My thoughts, prayers, and deepest sympathy are with all those who have been affected by yesterday’s awful violence.

I know I speak for everyone in expressing my enduring thanks and admiration for the members of the Metropolitan Police Service and all who work so selflessly to help and protect others.


More from parliament today, where the sombre mood has also been one of solidarity, says the FT’s Jim Pickard:

The Commons dropped its usual partisan backbiting as MPs from all political parties paid solemn tribute to the bravery of the police and NHS workers from St Thomas Hospital.

Both Tim Farron, leader of the Liberal Democrats, and Ed Miliband, former Labour leader, said that Mrs May had spoken for the entire country in her response to Wednesday’s terrorist incident.

Jeremy Corbyn, the Labour leader, hailed the bravery of Keith Palmer and said minister Tobias Ellwood deserved “special commendation” for trying to save the policeman’s life.

Mr Corbyn was among many to condem the “poison and division of hatred” that inspired such crimes.

Dominic Grieve, chair of the joint intelligence and security committee, said it was a miracle that similar attacks had not happened in previous years. The Tory MP said Parliament must be resolute and defeat “evil” with rational, democratic principles: “There are no short cuts to enable us to do that.”

Sir Peter Bottomley, another Conservative MP, said the lesson from the murder of his colleague Airey Neave a generation ago was not to blame any community for attacks by one individual.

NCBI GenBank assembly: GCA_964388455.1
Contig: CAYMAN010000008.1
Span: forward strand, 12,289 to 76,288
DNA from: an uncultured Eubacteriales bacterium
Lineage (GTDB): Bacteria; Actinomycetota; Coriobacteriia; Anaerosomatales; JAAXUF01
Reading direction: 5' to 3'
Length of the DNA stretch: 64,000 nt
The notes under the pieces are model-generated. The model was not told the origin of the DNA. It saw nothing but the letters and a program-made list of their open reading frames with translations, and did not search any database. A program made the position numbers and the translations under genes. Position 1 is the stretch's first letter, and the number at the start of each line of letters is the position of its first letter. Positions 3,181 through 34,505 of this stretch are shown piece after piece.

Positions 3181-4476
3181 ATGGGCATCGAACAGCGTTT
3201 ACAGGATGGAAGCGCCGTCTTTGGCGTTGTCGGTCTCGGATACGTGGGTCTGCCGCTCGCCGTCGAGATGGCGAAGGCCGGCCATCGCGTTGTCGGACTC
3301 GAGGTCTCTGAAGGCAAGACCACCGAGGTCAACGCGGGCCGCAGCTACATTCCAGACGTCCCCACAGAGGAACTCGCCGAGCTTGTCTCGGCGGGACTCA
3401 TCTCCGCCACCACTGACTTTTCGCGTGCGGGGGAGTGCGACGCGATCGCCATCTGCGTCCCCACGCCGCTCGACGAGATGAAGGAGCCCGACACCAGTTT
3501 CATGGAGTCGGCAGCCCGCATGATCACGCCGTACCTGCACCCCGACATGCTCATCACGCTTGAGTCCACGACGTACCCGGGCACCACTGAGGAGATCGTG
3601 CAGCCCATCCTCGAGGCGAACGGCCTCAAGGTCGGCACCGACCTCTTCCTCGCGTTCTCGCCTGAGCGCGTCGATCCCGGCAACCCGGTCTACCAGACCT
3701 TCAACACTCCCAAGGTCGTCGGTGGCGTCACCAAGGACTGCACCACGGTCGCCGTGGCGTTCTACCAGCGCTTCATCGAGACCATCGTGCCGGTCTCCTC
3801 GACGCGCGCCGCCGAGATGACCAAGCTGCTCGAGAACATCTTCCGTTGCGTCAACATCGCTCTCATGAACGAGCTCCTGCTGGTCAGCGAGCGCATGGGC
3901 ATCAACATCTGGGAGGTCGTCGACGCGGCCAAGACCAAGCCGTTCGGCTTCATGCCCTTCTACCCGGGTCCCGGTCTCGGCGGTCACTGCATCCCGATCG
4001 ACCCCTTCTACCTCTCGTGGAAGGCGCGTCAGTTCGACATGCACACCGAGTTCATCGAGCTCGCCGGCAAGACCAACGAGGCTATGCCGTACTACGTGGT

We have received a report that there is significant police activity near the US Embassy in London (below), with streets closed to traffic and officers telling workers in nearby office buildings to stay inside and away from windows. One office worker also reported hearing helicopter activity overhead.

We will report more information as we receive it.

The Gherkin building in the City of London was evacuated earlier this morning amid reports of a fire, but employees there have since returned to work.

Update on police activity near US Embassy in London

Our source tells us the security alert in the Mayfair district of London near the US Embassy on Grovesnor Square appears to be over. Police have re-opened the streets to pedestrians though not vehicles as yet.

London is on high alert so false alarms are to be expected.

Sadiq Khan, London’s mayor, has invited people to join him tonight for a candlelit vigil.

The area around yesterday’s attack is gradually being reopened. Here’s the latest update from Transport for London.

The FT’s Kate Allen reports from the chamber of the House of Commons: